So, Toolbar, as a client side piece of software, is in beta in the more strict sense of the term. It’ll be out of beta relatively quickly, Mayer told me. The new release has three main new features:
1. SpellChecker. This feature moves Google’s “Did you mean” concept from search results to the toolbar. For any web form (ie Hotmail, or any web-based input) you can now get spell checking courtesy Google’s algorithms. Cool.
2. AutoLink.The Toolbar will not automatically make US addresses appearing on web pages into URLs which are linked to Google Maps. Again, cool.
3. WordTranslator. This nifty feature translates any English word on a page into any of 8 other languages. Mayer said this would be a sought after feature for international users who use English as a second language.
I’ve often thought about Google’s Toolbar, and I’ve heard through reasonably well connected sources that the company is not pleased with the scope of its Toolbar downloads. This release should certainly increase Google’s user base. I asked Mayer how many folks are currently using Google’s Toolbar, and she said – true to Google’s stated policy of numeric vagueness – “in the millions.”
My guess is that means “in the low millions,” and that Google would very much like it to mean “in the high millions.” (This brings up the marketing issue, which I wrote about here.) In any case, this toolbar release points to something of a new trend for Google, that of surfacing its inherent search features – spell checker, word translation, maps – into more visible and user friendly formats. Expect to see more of this going forward.
PS – Gary over at SEW speculates that perhaps this might offer a new revenue stream for Google.
Over on Yahoo’s Search Blog. Reiner Kraft is one serious search geek – more than 100 patents filed, apparently. From the interview:
Q: Aren’t you also finishing up your thesis?
A: Yes, it’s about domain specific search and is based on what I call iterative filtering meta search. The idea is to leverage the search engine infrastructures to create a filtering mechanism that automatically helps you get documents for a specialized information need. For instance, we built a buying guide finder that helps you to find just buying guides.
Q: If I hadn’t checked out your website , I’d think that everything you do revolves around relevancy and search! A lot of people at Yahoo! don’t know that you were part of a German band and that you’ve composed over 30 rock songs. How do define yourself first; composer or inventor?
A: (laughs) I just like to think about new ideas. So to me, it’s all the same thing. You create some music piece or you create some ideas or some algorithms to do something. It doesn’t have to be specific to search but ideas related to web technologies in a broad sense.
“In just a few months your app has become one of the most used Windows applications in the world. My hat’s off to you!”
Note the use of “Windows application.” Winning by moving the goalposts, is what I think that’s called.
PS – You’ve probably heard, but Gates and MSFT are now promising a new rev of IE by Summer.
Sullivan said he wanted to create an urn that was visually interesting, allowed some user interactivity and referenced the physical body. He decided that his remains will be integrated into a computer processor. A virtual agent running on the computer that contains his ashes will scour the web for mentions of his name. As the mentions increase, an on-screen image of Sullivan will morph into an image of his younger self. But if the mentions decline, Sullivan’s image will age, deteriorate and eventually fade away.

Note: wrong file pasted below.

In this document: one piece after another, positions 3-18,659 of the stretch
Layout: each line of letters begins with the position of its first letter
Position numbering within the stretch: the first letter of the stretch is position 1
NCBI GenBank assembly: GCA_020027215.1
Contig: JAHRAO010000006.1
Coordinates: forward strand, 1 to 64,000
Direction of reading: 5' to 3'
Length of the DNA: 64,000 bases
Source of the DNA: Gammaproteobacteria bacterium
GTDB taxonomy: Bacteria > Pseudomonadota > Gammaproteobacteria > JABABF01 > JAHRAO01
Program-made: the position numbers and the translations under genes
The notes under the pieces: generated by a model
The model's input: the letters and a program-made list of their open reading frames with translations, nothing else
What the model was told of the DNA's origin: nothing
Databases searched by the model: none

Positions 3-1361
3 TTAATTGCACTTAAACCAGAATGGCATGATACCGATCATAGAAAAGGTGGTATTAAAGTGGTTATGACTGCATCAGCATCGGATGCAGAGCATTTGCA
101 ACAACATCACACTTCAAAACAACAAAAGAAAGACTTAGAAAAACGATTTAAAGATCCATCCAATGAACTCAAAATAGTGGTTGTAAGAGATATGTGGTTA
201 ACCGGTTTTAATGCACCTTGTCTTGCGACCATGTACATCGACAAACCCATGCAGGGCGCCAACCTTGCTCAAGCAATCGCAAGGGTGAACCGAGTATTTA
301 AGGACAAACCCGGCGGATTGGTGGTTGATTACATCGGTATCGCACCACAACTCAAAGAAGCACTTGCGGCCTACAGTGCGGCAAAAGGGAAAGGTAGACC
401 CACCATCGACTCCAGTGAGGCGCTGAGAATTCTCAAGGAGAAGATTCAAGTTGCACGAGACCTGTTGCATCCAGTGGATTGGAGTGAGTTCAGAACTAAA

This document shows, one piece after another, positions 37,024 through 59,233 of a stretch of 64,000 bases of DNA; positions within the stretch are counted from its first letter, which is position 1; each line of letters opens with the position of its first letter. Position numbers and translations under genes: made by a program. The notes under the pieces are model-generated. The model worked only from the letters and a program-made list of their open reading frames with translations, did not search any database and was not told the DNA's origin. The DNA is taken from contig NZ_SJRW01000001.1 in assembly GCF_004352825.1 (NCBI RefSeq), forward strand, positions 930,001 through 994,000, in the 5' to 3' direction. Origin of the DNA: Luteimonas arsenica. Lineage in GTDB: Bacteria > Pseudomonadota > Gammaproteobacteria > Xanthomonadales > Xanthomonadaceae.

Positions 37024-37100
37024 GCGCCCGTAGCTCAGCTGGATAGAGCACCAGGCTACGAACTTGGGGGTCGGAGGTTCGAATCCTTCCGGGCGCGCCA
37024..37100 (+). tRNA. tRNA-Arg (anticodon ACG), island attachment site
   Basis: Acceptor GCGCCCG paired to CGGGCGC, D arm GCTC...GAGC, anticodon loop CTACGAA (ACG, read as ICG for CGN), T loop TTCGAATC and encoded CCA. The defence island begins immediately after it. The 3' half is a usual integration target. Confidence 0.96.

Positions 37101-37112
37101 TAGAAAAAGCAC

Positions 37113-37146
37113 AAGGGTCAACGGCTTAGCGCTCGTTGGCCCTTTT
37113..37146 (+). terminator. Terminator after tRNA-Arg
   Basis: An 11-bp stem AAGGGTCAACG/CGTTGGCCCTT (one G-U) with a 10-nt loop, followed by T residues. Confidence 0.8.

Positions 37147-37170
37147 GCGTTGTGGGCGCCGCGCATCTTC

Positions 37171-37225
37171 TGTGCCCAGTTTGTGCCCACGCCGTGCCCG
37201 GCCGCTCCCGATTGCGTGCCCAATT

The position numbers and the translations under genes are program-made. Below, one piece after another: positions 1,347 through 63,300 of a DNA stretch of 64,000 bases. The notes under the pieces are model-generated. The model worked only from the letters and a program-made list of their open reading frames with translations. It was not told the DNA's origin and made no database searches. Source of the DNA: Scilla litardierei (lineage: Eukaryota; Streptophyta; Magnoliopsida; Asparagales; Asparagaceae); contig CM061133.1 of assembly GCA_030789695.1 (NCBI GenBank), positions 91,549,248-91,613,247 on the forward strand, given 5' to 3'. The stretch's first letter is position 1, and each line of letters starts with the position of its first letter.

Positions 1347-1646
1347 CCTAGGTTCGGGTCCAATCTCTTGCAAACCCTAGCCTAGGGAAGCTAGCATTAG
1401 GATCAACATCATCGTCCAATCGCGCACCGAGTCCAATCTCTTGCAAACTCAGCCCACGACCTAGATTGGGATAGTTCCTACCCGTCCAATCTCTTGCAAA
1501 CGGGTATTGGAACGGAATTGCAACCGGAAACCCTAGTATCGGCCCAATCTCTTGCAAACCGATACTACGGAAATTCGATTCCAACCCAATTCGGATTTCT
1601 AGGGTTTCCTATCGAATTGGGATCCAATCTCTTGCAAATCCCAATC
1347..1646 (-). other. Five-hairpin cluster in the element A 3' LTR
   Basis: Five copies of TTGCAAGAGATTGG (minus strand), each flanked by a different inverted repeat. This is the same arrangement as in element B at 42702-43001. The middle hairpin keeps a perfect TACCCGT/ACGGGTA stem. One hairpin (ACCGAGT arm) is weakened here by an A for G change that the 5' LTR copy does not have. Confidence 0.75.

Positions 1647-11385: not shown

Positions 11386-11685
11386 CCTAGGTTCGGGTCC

In the gallery, a prototype Ego Machine is presented on a computer display. Sullivan realized that since this is a project in perpetuity its results might be imperceptible during a brief visit to the gallery. To make it more interesting for viewers, Sullivan decided to allow people to consciously feed or starve his ego, either at the gallery or online.
Reading Bizweek (yup, the print edition) earlier this week, I noticed this article, titled “Keywords for Ad Buyers: Pay Up.” (BTW, it’s entirely too hard to find this stuff on B’Week’s site, but that’s another issue.) In the article, Ben Elgin notes Google’s extraordinary earnings, then adds that Google has the enviable position of pricing power:
What accounted for the outsize profits? The high prices Google charges for search keywords, for one. Industrywide, they were up an average of 43.7% last year, according to search marketing firm iProspect.com Inc. And the most sought-after words have become far more dear: “background check” rose 258% in a year. On the day of the earnings announcement, Google CEO Eric E. Schmidt told analysts: “There does not seem to be price resistance” from advertisers.
But the pricing power cuts two ways. Elgin goes on to give eBay as an example, quoting CEO Meg Whitman:
“It’s incumbent upon us…to figure out how to moderate these quite significant increases in media costs,” eBay Chief Executive Meg Whitman declared in January following disappointing fourth-quarter results, when rising search marketing costs helped pinch profit margins.
If I am reading this right, it seems that eBay, which got hammered after its last earnings for not living up to its reputation as a growth machine, is blaming Google for increasing its cost of goods sold. Now that’s interesting. Recall Paul Ford’s wonderful essay on how Google out-eBay’s eBay (not to mention the Epic piece about “googlezon”).
From the WP piece:
“There is so much demand for this stock it is amazing,” said Tom Taulli, co-founder of Currentofferings.com, which tracks initial public offerings. “It doesn’t seem to let up.”
The meme is accelerating, as Ross Mayfield put it in an email to me today. He pointed me to this piece by Dave Morgan, Tacoda’s CEO, in ClickZ, and this presentation (note: PDF download) which Dave also created. Cool! Excerpts:
Advertisers just want results. Going forward, they’ll be happy to open up their advertisements to distribute them to any publisher who wants them, so long as the publisher delivers to the right audience under the right environmental controls and is willing to be paid on a performance-only basis. This clearly takes PPC advertising to the next level and changes the tradition media selling equation.
…Media owners of all types have long lamented ad brokers and marketing service companies buy their media, optimize it, then don’t share the margins. Print publishers and TV stations can’t do anything about it, but Web publishers can. Sell-side advertising would greatly complement CPM-based brand advertising and could become a significant revenue channel.